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Table 1 A priori dichotomization of subspecialties

From: Clinician awareness of brain computer interfaces: a Canadian national survey

SpecialtySubspecialties
“BCI-related”“Non-BCI-related”
Adult Neurology• Spinal cord injury
• Stroke
• Amyotrophic lateral sclerosis
• Cerebral palsy
• Critical care/emergency neurology
• Neuromuscular disorders
• Alzheimer’s disease
• Acquired brain injury/traumatic brain injury
• Behavioural neurology
• Brain tumour
• Epilepsy
• Headache/migraine
• Movement disorders
• Multiple sclerosis
• Neuro-ophthalmology
• Neuro-oncology
• Pain/palliative
• Sleep disorders
Pediatric Neurology• Spinal cord injury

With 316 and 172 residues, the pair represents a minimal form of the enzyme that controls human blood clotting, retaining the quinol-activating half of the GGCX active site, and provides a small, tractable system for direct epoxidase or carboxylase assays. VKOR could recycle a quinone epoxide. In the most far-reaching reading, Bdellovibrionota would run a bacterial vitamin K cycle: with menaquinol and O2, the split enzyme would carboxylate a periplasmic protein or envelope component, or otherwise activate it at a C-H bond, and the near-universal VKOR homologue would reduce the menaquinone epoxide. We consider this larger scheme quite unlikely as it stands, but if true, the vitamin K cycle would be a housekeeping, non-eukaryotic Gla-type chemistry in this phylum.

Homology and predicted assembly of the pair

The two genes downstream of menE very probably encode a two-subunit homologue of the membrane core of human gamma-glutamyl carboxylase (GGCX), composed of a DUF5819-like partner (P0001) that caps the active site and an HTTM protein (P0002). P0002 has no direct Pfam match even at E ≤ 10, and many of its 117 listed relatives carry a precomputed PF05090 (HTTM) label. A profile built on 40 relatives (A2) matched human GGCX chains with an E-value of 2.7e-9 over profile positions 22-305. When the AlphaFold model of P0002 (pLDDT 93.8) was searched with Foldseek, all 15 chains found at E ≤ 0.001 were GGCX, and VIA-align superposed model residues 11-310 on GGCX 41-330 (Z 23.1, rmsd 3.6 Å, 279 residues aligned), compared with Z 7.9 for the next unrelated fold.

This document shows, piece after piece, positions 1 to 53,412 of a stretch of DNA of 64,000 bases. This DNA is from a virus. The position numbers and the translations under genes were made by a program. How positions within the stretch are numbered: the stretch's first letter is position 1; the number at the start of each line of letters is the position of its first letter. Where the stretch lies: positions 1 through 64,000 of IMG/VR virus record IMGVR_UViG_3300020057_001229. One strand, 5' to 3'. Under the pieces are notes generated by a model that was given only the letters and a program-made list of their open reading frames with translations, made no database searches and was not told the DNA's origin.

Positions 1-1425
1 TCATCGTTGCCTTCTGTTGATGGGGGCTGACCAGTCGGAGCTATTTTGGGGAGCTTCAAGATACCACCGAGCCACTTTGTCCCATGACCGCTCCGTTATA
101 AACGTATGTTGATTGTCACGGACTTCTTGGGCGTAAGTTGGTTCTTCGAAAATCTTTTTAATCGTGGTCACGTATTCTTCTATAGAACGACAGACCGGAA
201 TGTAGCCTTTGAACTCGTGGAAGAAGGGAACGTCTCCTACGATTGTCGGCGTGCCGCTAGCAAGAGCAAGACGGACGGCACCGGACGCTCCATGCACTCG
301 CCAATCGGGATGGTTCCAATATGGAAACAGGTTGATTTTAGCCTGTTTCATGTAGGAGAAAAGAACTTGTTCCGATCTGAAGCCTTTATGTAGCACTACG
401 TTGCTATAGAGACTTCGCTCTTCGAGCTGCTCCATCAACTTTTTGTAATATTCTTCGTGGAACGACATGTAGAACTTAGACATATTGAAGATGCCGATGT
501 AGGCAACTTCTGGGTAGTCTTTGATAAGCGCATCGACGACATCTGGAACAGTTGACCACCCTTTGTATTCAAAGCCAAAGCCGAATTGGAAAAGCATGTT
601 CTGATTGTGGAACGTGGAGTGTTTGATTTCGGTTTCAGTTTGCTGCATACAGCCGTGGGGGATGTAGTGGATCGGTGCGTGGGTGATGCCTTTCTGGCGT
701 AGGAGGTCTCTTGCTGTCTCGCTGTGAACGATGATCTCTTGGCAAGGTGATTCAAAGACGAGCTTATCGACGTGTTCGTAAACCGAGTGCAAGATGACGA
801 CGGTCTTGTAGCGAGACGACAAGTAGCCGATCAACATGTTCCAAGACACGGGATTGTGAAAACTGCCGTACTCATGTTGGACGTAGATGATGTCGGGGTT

• Stroke and perinatal stroke
• Cerebral palsy
• Critical care/emergency neurology
• Neuromuscular disorders
• Acquired brain injury/traumatic brain injury
• Behavioural neurology
• Brain tumour
• Epilepsy
• Headache/migraine
• Movement disorders
• Multiple sclerosis
• Neuro-ophthalmology
• Neuro-oncology
• Pain/palliative
• Sleep disorders
Physiatry• Spasticity management
• Spinal cord injury
• Stroke
• Neuromuscular disorders
• Prosthetics and orthotics
• Acquired brain injury/traumatic brain injury
• Electrodiagnostic medicine
• Geriatric rehabilitation
• Musculoskeletal medicine
• Paediatric rehabilitation
• Pain management
• Pulmonary, cardiac and cancer rehabilitation
• Rheumatology
  1. Legend: A priori dichotomization was based on each specialty’s estimated likelihood of leading physicians to interact with patients who could benefit from BCI.